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Controversies in Neurology
July 2006

Microneurosurgery for Neonatal Brachial Plexus Palsy: The Need for More Information

Author Affiliations

Author Affiliations: Department of Neurology (Dr Sparagana) and Department of Orthopedics (Dr Ezaki), Texas Scottish Rite Hospital for Children and the University of Texas Southwestern Medical Center, Dallas.



Arch Neurol. 2006;63(7):1033-1034. doi:10.1001/archneur.63.7.1033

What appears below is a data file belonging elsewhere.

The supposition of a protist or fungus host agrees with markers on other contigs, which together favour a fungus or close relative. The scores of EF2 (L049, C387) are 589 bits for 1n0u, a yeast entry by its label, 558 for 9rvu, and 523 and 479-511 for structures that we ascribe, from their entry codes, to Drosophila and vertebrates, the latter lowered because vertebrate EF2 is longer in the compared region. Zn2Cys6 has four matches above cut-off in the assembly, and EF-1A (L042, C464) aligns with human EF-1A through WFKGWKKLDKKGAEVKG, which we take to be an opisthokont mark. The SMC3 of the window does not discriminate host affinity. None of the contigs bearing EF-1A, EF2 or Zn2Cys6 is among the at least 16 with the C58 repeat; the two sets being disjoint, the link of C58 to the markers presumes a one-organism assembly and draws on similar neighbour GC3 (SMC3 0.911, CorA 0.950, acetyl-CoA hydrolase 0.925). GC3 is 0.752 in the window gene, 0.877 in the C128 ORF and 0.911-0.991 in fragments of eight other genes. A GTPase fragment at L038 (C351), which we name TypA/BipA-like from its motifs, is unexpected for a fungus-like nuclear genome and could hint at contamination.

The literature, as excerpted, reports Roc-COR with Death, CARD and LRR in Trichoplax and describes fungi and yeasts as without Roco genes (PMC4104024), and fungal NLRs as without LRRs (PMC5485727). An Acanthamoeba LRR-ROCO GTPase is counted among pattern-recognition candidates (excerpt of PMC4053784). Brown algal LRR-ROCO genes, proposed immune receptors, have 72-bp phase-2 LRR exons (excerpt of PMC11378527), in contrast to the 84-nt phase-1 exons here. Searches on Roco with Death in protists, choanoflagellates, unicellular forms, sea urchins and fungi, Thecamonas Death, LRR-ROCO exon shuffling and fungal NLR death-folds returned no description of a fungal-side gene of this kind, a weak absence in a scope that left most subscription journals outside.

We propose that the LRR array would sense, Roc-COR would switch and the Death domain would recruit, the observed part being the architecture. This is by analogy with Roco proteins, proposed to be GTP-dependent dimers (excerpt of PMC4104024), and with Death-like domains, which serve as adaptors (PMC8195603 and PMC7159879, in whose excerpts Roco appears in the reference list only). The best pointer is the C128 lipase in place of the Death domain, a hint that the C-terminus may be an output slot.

Many child neurologists around the country recently received a mailing from members of the Miami Children's Hospital Brachial Plexus Program that included a recent review article on the management of neonatal brachial plexus palsy (NBPP).1 The article summarized the Miami center's approach to microneurosurgical treatment of selected children with NBPP, described secondary orthopedic reconstruction procedures in a subset of patients who underwent primary nerve repair, and reviewed the ancillary therapeutic options used in patients with NBPP (eg, rehabilitation techniques, neuromuscular electrical stimulation, and utilization of botulinum toxin injections for shoulder contractures). While we generally applaud this comprehensive approach to managing children with NBPP, there is ample room for healthy debate and skepticism about specific aspects of this approach.

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